…and he did it back in 2014. I had forgotten about this letter he wrote to La Stampa, because at the time, the theory that he had not truly abdicated was a quiet one. And it was before I started 1P5, so I don’t think we ever wrote about it here. It came up in the comment boxes this week, and I went back to go look for it. Sure enough, there was a statement from the man himself.
His words carry a note of irritation, and certainly finality. Here’s what he said:
On 16 February, the author of this article sent the Pope Emeritus a letter with some specific questions regarding these interpretations. A response came two days later. “There is absolutely no doubt regarding the validity of my resignation from the Petrine ministry,” Ratzinger wrote in his letter of reply. The only condition for the validity of my resignation is the complete freedom of my decision. Speculations regarding its validity are simply absurd.” Those closest to Ratzinger had been aware of the possibility of his resignation for a long time and he himself confirmed it in a book-length interview with the German journalist Peter Seewald (“Light of the World”, 2010): “If a pope clearly realizes that he is no longer physically, psychologically, and spiritually capable of handling the duties of office, then he has a right and, under some circumstances, also an obligation to resign.”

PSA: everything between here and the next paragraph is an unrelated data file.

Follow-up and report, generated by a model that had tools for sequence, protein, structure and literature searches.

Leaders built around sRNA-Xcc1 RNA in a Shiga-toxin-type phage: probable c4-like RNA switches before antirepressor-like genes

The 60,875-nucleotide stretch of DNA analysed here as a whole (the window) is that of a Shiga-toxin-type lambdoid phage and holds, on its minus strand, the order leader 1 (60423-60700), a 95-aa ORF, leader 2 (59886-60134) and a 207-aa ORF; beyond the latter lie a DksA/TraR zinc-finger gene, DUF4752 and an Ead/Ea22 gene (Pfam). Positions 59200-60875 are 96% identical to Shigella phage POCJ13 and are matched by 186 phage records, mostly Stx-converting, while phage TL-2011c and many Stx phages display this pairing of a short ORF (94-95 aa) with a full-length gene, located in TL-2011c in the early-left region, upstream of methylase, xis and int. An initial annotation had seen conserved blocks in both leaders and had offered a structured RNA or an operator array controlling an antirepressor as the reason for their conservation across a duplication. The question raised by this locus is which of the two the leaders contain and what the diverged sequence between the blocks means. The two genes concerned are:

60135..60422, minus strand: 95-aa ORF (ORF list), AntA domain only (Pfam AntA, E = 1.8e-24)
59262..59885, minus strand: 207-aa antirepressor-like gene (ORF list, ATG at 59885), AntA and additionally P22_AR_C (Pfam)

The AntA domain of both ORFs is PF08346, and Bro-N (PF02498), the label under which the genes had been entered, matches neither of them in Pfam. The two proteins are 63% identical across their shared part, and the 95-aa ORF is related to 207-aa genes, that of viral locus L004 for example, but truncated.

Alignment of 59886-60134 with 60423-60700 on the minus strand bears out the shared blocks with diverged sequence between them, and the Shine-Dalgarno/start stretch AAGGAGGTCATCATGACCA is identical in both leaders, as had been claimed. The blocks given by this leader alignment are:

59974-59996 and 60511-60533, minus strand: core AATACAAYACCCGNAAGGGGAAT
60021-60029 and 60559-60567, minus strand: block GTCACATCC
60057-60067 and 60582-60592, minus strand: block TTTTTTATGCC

I know that for people who believe he is being coerced, or somehow committed “substantial error” when he abdicated, this will not convince them – in the first case because they think he is lying under duress, in the second because they believe that it doesn’t matter what he thinks.
What is interesting to me is that here you have a pope saying the only condition for his resignation to be valid is that he did it with full freedom. He does not talk about the possibility of a failure of intention. This latter theory appears to be the invention of Catholic commentators, and it’s your choice whether to believe a widely beloved pope and respected theologian and former CDF prefect on this or people on the internet.
But at the very least – and whatever you think – his own words merit serious consideration in this matter.
Steve Skojec is the Founding Publisher of OnePeterFive.com. He received his BA in Communications and Theology from Franciscan University of Steubenville in 2001. His commentary has appeared in The New York Times, USA Today, The Washington Post, The Washington Times, Crisis Magazine, EWTN, Huffington Post Live, The Fox News Channel, Foreign Policy, and the BBC. Steve and his wife Jamie have eight children. You can find more of his writing at his Substack, The Skojec File.